Happy 70th Birthday
Mr Tambourine Man
Dylan's music has inspired anti-war and freedom loving people all over the world ever since the days of Greenwich Village, New York. It is in this light that Dylan and his music are relevant to Bangladesh, not to mention the young students in the country as well.
He's been 'analysed, categorised, finalised & advertised; dissected & rejected' and 'all he really wanted to do was to be friends with me & you'. Bob Dylan, one of the most influential & enigmatic personalities of western popular music, celebrated his 70th birthday on 24th May 2011. For fifty years since 1961, Dylan has been enchanting and mesmerising 'chimes of freedom' that keep on 'blowing in the wind' transgressing all boundaries making him a true artist of the world. His music has inspired anti-war and freedom loving people all over the world ever since the days of Greenwich Village, New York. It is in this light that Dylan and his music are relevant to Bangladesh, not to mention the young students in the country as well.
The human price of independence for Bangladesh in 1971 was three million lives in just 266 days at 7.83 lives per minute. Fortunately, Bangladesh was not alone. The Bangladesh War of Independence was fought by Bangladeshis inside Bangladesh and by Friends outside Bangladesh. Western popular music came of age through The Concert for Bangladesh when music was used as a weapon to fight a war.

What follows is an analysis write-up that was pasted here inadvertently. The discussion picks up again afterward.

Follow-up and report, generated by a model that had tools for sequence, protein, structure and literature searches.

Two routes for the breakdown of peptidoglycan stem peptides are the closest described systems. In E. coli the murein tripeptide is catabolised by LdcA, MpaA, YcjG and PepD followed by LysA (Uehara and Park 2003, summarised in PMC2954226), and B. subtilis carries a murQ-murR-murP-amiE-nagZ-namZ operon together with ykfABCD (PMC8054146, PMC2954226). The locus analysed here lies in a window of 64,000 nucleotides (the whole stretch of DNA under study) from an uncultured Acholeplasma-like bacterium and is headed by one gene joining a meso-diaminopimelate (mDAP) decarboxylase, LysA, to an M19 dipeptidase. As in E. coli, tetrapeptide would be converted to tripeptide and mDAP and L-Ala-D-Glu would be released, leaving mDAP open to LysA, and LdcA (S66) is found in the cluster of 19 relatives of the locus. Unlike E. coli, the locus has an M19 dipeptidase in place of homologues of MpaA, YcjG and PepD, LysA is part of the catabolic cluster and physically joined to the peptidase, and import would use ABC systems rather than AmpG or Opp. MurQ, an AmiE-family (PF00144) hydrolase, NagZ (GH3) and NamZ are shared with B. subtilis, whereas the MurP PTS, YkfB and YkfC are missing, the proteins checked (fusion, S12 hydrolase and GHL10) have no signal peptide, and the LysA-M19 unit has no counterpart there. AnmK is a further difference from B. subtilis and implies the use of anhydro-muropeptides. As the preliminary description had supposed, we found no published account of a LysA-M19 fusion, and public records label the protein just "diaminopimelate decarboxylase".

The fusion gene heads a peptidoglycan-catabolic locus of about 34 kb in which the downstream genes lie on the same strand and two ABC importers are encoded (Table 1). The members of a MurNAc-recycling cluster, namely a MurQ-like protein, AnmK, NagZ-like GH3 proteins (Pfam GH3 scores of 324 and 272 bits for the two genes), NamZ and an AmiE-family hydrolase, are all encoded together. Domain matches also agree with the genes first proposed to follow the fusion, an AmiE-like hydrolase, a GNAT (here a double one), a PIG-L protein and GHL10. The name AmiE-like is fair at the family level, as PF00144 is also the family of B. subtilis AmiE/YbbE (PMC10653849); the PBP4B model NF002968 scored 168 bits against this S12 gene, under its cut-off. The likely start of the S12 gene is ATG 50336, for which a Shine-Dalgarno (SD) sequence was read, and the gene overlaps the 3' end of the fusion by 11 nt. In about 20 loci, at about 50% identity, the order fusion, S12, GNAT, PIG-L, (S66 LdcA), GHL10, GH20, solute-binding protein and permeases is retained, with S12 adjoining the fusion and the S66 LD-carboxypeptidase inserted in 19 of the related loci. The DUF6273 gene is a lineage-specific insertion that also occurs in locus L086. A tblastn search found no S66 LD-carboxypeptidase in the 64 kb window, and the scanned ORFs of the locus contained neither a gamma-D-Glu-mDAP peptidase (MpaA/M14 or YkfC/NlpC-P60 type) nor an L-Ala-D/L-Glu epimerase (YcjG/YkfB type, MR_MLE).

Bob Dylan with George Harrison., Photo Source : Internet
At the request of Ravi Shankar, George Harrison organised The Concert for Bangladesh at Madison Square Garden, New York on Sunday 1st August 1971. With the support of the freedom loving people of America, The Concert for Bangladesh was instrumental in creating awareness in an age where there were no Twitter and Facebook as has been the case in the recent Arab Spring across the Middle East.
Organising a benefit concert is always easier said than done. This was the first time George Harrison was doing something on his own after the break-up of the Beatles as he confessed to his 'friend' Bob Dylan the night before the concert. It was equally challenging for Dylan. Since his motorcycle accident in 1966, Dylan had made only one public appearance at the Isle of Wight in the UK in 1969. The Concert for Bangladesh would be his second live appearance since then, but to a wider audience towards a much larger cause -- The War of Independence of Bangladesh. Dylan was so nervous that everybody was doubtful he would perform.
After performing 'Here Comes The Sun', Harrison introduced “I'd like to bring you all a friend of us all, Mr Bob Dylan.” That was it. The stage was set. And there was no point of return. With Harrison on his right and Leon Russell on his left, Dylan sang 'A Hard Rain's A Gonna Fall'; 'It Takes A Lot To Laugh, It Takes A Train To Cry'; 'Blowing In The Wind'; 'Mr Tambourine Man'; and 'Just Like A Woman'. Dylan's performance at The Concert for Bangladesh ranks as one his best live performances ever because Dylan sang like a man submitting to fate who was waiting for an outlet for his Soul to cry just like the people of Bangladesh had been waiting for 214 years since 1757 and 24 years since 1947 to the let world know of their own Soul in 1971.
Bangladesh was very lucky to have had Friends during her War of Independence. Bob Dylan was one such Friend when friends were rare like a 'ruby in the sand.' On behalf of the 'Campus Generation' of Bangladesh: Happy 70th Birthday 'Mr Tambourine Man.' May your music carry on taking people 'upon your magic swirling ship through the smoke rings of our mind' with good health and happiness today, tomorrow and forever.
(The author teaches economic theory at Jahangirnagar University and North South University.)